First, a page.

"At last, I see a rift in the rocks. A little way beyond, there are green prairies. The swift-running water, the Niobrara, pours down between the green hills. There are the graves of my fathers…"
- Chief Standing Bear, Ponca
All peoples have human rights advocates—Native Americans are no exception. Chief Standing Bear of the Ponca tribe was the first Native American to file a writ of habeas corpus (used to bring a detainee before the court to determine if his detention is lawful) against the U.S. government in the suit of his tribe's imprisonment at Fort Omaha. The Ponca's detainment began on March 27, 1879, after their 62-day, 600-mile trek north from Indian Territory in Oklahoma. The trek was a journey Chief Standing Bear and his band of 30+ people, mostly women and children, took in the dead of winter to bury Standing Bear's son in their ancestorial homelands near the Niobrara River in northeast Nebraska. Read here for part one of Chief Standing Bear's legacy.
The Ponca had been recuperating from their journey with the Omaha tribe just miles from their destination when General George Crooks learned of the Ponca's "illegal" movement from Indian Territory. Standing Bear must return the Ponca to Oklahoma. Crooks sent troops to the Omaha reservation to capture the Ponca and take them to Fort Omaha. Upon the Ponca's arrival at Fort Omaha, Post Commander Colonel John H. King "reported the serious illness among the Ponca and the weak condition of their horses made it impossible for the Indians to return to Indian Territory at this time."
Chief Standing Bear's plight
Crook, a decorated Civil War veteran and a notorious Indian fighter, found the situation dire and felt compelled to help the Ponca and kept his assistance under wraps. According to journalist and assistant editor of the Omaha Daily Herald Thomas Tibbles, General Crook came to him with Standing Bear's story and asked Tibbles to "make some noise" on Standing Bear's behalf. Crook asked Tibbles to attend a meeting with Standing Bear and other tribal elders held at Fort Omaha on March 31, 1879. There, Crook asked Chief Standing Bear to explain why he and his followers left Indian Territory:
"At last, I had only one son left; then, he sickened. When he was dying, he asked me to promise him one thing. He begged me to take him, when he was dead, back to our old burying ground by the Swift running Waters, the Niobrara. I promised. When he died, I, and those with me, put his body into a box and then in a wagon, and we started North," replied Standing Bear.
While Crook was moved and sympathetic, he had a direct order to return the Ponca to their homeland. He explained to Standing Bear, "It is . . . a very disagreeable duty." Crook felt to send the Ponca back would mean certain death for many of them. After years of duty in Indian Territory, Crook's opinion of the government's treatment of Indians had shifted—he conflicted with their policies. His only way to help Standing Bear was to rally support from the public.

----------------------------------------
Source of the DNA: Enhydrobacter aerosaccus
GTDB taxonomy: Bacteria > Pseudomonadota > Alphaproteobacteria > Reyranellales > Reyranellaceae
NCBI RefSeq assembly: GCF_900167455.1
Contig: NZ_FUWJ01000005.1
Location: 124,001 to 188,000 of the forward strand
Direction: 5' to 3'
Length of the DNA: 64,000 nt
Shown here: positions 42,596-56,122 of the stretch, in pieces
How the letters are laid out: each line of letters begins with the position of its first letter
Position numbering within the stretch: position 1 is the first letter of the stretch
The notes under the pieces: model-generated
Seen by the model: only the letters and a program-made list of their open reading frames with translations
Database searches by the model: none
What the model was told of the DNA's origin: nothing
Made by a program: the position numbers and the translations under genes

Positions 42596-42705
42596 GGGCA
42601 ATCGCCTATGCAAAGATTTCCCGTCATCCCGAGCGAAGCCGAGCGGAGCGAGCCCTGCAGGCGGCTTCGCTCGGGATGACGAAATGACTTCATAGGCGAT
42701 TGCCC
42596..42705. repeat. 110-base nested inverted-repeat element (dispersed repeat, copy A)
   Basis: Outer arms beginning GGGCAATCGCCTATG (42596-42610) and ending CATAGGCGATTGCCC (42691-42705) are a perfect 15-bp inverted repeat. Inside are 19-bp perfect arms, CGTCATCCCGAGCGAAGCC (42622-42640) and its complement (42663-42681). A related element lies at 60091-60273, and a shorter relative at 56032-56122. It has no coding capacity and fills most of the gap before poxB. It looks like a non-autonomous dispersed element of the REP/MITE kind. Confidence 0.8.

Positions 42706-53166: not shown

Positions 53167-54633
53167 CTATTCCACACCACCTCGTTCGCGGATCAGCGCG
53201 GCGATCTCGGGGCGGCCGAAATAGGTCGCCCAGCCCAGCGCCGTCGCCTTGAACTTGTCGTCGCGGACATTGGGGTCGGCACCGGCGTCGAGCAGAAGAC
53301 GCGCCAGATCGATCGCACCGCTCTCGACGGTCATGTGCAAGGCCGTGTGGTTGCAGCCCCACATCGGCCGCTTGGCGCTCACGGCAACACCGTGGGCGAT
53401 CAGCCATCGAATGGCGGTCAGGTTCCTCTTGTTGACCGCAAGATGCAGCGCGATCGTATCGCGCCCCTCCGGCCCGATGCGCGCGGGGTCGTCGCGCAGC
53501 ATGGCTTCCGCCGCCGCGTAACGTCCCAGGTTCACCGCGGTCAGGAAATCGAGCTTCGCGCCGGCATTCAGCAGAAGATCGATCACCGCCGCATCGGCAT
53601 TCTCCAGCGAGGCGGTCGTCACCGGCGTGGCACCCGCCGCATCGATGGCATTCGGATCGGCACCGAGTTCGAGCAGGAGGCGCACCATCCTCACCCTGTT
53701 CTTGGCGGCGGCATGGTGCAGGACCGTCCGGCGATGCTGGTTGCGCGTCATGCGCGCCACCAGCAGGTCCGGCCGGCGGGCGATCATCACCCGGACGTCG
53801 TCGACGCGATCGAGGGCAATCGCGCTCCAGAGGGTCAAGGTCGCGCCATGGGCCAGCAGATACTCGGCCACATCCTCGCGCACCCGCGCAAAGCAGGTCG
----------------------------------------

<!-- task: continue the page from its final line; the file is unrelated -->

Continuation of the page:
On April 1, 1879, Thomas Tibbles opened a full-scale campaign to gain support for Standing Bear and the Ponca leading with this quote by Buffalo Chip, a Ponca medicine man:
"I have been told since the Great War that all men were free men and that no man can be held a prisoner unless he does wrong. I have done no wrong, and yet I am here a prisoner. Have you a law for white men and a different law for those who are not white?"
After Tibbles broke the story in the Omaha Daily Herald, the public response was tremendous. Religious leaders from numerous denominations—Christian and Jewish—sent telegrams to Washington, D.C., asking for the Ponca to be freed. As a result, Standing Bear would have his day in court.
Chief Standing Bear's case
John Webster and Andrew Poppleton, prominent Omaha attorneys, filed a writ of habeas corpus on behalf of Standing Bear against his tribe's imprisonment at Fort Omaha. They claimed that Standing Bear and his Ponca followers had withdrawn from the larger Ponca tribe, which meant they were U.S. citizens. Moreover, Standing Bear vs. Crook maintained that under the U.S. Constitution, Standing Bear and his followers had the same rights as other U.S. citizens.
After the Civil War (1868), the 14th Amendment to the U.S. Constitution granted citizenship "to all persons born or naturalized in the United States—including former slaves—and guaranteed all citizens 'equal protection of the laws.'" However, before 1879, this amendment did not apply to Native Americans. Standing Bear and his lawyers had to prove he was a person and deserving of the same rights under the law.
Attention to the case grew as, leading up to the April 30 trial date, Tibbles placed story after story in the Daily Herald. Consequently, Judge Elmer Dundy's U.S. Circuit Courtroom in Omaha, Nebraska, was packed with powerful allies: former abolitionists, religious leaders, and interested people—among them, the Omaha, Chief Joseph La Fleshe (Iron Eyes) and his oldest daughter Susette La Flesche (Bright Eyes).